Residents of B.C.'s Sunshine Coast, a part of the B.C. mainland without road access to the rest of the province, are protesting BC Ferries' cuts to ferry services.

In November, BC Ferries proposed cutting 6,900 sailings per year on 16 minor routes and said most of those sailings were identified as running at roughly 20 per cent capacity or less.

Now, a day after a 3.5 per cent fare hike went into effect, a series of eight group protests are taking place from 12:30 p.m. PT to 1:30 p.m. along Highway 101.

BC Ferries replaces executive bonuses with hold backs

BC Ferries proposed cutting 6,900 sailings per year on 16 minor routes in November. It said most of the sailings to be cut were identified as running at roughly 20 per cent capacity or less. (CBC)

The rallies are being held at the Langdale Ferry Terminal, in upper Gibsons, at Roberts Creek, in Sechelt, at Redrooffs Road, at Madeira Park, at the Earls Cove Ferry Terminal and at the Westview Ferry Terminal in Powell River.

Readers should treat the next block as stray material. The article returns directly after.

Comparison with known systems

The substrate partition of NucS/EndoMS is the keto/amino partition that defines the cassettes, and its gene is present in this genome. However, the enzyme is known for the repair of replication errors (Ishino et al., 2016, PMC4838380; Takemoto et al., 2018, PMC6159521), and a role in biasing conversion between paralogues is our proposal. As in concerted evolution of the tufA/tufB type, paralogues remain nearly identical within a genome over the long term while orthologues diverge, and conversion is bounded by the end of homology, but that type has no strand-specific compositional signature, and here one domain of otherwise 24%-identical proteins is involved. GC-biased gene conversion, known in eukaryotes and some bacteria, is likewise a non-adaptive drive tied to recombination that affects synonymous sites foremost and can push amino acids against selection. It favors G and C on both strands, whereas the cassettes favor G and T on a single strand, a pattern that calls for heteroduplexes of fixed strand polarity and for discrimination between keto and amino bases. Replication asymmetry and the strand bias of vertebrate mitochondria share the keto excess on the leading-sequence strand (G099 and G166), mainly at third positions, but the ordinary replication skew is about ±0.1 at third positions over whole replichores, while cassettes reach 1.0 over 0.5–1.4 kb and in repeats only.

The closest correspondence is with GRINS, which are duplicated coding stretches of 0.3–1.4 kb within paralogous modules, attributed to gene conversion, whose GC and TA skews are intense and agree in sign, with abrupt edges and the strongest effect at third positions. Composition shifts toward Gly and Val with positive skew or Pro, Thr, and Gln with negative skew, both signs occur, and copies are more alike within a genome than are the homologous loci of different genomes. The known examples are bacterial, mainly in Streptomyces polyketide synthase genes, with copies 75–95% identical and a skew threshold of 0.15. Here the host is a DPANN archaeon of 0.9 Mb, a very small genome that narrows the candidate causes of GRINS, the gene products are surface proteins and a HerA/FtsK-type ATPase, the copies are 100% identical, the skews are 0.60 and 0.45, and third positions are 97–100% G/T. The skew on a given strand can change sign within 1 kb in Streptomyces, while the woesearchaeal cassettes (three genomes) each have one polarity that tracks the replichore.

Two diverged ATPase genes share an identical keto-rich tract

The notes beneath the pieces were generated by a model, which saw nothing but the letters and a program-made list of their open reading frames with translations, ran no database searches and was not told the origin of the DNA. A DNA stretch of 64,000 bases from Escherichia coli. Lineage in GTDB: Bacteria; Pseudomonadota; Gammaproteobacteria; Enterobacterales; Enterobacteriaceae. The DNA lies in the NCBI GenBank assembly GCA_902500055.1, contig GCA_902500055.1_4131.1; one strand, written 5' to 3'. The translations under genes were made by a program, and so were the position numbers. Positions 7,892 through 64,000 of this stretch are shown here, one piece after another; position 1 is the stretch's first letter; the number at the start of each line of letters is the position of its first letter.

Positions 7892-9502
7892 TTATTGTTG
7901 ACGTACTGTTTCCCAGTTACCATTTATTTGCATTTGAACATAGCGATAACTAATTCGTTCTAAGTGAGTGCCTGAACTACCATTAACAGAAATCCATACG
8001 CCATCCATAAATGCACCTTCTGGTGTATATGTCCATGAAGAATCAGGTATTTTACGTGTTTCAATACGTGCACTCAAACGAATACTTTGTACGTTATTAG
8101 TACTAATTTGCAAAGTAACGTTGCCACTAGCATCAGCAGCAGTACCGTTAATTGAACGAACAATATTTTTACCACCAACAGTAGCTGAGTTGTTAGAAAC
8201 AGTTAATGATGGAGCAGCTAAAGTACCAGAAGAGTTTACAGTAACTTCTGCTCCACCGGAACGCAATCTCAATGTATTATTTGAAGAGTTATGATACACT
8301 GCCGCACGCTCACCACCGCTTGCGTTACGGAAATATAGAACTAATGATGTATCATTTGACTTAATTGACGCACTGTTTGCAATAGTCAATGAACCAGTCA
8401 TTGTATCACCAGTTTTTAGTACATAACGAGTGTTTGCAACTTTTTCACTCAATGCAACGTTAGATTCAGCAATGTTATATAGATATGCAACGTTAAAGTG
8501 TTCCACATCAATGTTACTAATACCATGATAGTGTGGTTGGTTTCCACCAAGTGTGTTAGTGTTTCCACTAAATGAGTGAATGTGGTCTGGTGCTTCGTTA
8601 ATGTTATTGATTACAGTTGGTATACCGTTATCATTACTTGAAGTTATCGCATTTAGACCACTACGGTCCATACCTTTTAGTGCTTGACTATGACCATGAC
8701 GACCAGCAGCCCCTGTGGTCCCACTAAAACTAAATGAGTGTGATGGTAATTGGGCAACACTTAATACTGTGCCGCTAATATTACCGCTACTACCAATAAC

The BC Ferry Coalition, which is organizing the mass rally, is encouraging B.C.'s coastal residents to write letters to the premier explaining how the proposed service cuts and already-escalating fares will affect their families and communities.

Fare hikes hurting economies: NDP

B.C.'s New Democrats said Friday that a constant wave of fare increases is hurting Vancouver Island's economy.

Opposition NDP ferries critic Claire Trevena said Friday's 3.5 per cent increase to cover rising fuel costs is the first of what will total more than seven per cent of fare increases in the first four months of the year.

A four per cent increase is scheduled to take effect on April 1.

Trevena says Transportation Minister Todd Stone should stop the increases because the economies of small coastal communities like Bella Coola and Port Hardy are suffering.

The ferry fare increases are mandated under the Coastal Ferry Act as part of an approved improvement plan that includes finding savings of more than $54 million.

With files from The Canadian Press